COVID spike prompts Fairbanks hospital to convert meeting rooms into patient rooms

Fairbanks Memorial Hospital in Fairbanks, Alaska (Wikimedia commons photo)

As hospitals across Alaska become overrun with COVID-19 cases, Fairbanks Memorial Hospital has been taking in seriously-ill patients from other regions this week. 

The hospital has converted waiting areas and conference rooms to make space for more patients, said Dr. Angelique Ramirez, chief medical officer of Foundation Health Partners, which operates the Fairbanks hospital.

As of Tuesday, the Fairbanks hospital reported 72 inpatients, and 18 of them had COVID-19. That’s 25%, a huge indicator of a statewide spike of coronavirus infections, Ramirez said during a presentation Tuesday at a Greater Fairbanks Chamber of Commerce meeting.

“We had a spike in November-December. We had a spike and we were unusual in April-May, we were the only ones that did. And we kind of learned how to manage surge capacity. It was challenging,” she said. “But now we are in a spike far bigger than anything that we have seen to date. And unfortunately we’re in it at the same time as many places across the country and Alaska.”

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That means resources are spread thin. 

Alaska hospitals work together to share the load, and when one is full, patients are diverted to the others, especially those needing intensive care.

During her presentation, Ramirez showed the data she watches to track statewide hospital capacity. On Tuesday, Fairbanks Memorial Hospital was the only place with any room.

“Across Alaska, all of our ICUs have been full,” she said. “Fairbanks, we are the only ones today and yesterday that has ICU capacity.”

In Anchorage hospitals, she said, patients are waiting in emergency rooms for an ICU bed to open up.

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In the prior 48 hours, she said, four patients from outside the region had come to Fairbanks for treatment.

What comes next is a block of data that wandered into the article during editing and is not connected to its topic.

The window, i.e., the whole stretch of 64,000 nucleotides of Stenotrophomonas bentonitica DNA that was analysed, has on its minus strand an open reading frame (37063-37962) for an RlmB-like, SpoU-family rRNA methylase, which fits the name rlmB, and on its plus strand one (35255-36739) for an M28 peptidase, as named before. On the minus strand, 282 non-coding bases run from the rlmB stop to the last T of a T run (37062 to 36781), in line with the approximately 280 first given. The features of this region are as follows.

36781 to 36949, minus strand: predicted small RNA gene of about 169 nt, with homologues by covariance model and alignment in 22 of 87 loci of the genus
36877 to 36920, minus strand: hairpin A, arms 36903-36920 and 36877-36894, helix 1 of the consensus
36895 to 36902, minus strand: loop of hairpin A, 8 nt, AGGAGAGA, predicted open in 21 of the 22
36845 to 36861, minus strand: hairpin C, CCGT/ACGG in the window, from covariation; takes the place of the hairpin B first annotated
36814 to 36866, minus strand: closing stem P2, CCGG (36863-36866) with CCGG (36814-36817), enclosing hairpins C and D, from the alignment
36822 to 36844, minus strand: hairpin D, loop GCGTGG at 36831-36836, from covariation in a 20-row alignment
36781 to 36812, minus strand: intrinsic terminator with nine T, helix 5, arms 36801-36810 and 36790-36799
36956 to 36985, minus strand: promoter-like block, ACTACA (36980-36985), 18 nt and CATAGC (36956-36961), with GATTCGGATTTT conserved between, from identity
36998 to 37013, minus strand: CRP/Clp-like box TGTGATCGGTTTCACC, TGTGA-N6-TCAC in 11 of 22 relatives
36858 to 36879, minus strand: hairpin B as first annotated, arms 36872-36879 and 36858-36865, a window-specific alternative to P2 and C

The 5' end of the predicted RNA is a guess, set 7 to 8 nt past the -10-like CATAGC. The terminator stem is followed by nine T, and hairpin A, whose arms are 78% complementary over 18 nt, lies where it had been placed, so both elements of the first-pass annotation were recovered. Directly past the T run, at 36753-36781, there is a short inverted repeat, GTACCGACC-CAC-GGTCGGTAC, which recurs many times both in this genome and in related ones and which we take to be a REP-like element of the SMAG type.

Also, Ramirez said, an important indicator of the pandemic is how many people are testing positive for COVID-19.

“So out of all the measures, this is the one that I look at the most closely,” she said. “This is the earliest sign because the testing positivity rate goes up first, then your case counts, then the hospitalizations, and then the deaths. You want to be responding when the testing positivity rate goes up, so you can get prepared.”

Ramirez said the local positivity rate is 15%.

“Our highest prior to this spike was 9%,” she said. “This tells us that we have a lot more people out there in the community who have COVID, who are not aware that they have COVID.”

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In the mix of all the other challenges, is a staff shortage. The hospital has 200 open positions – that’s twice the normal vacancies. 

As of Monday, the hospital had stopped doing some specialized procedures like endoscopies because the staff was needed elsewhere.

“We are working with staff that are extremely exhausted,” she said. “We have been short for a long time now, and people are leaving health care by choice.”

Ramirez said a big factor in the burnout is caring for patients who could have protected themselves and not ended up in the hospital.

During the previous Interior Alaska spike of COVID-19 last spring, Dr. Barbara Creighton said in a presentation “this place is on fire with COVID.” She was quoted widely. And that quote still feels relevant today, said Ramirez.

“This place is on fire with COVID does now become a little bit of a mantra for clinicians to feel like being in a burning building and that everyone else outside is walking by and not doing anything,” she said.

There are bright spots, she said: The hospital has strategically rearranged areas to handle more patients and to keep non-COVID patients protected from the disease. And they have converted a waiting room into a treatment room for COVID-19 patients who want to avoid a hospital stay by getting an infusion of monoclonal antibodies.

“If you know of anybody who tests positive who’s at any type of increased risk, this is a phenomenal treatment and only takes 20 minutes,” she said. “We were only doing like three or four a day, and now we’re doing 18, 20, 22 every day.”

The treatment room didn’t exist two weeks ago, but now is open for monoclonal antibody infusions from 7:30 a.m. to 6 p.m. seven days a week.

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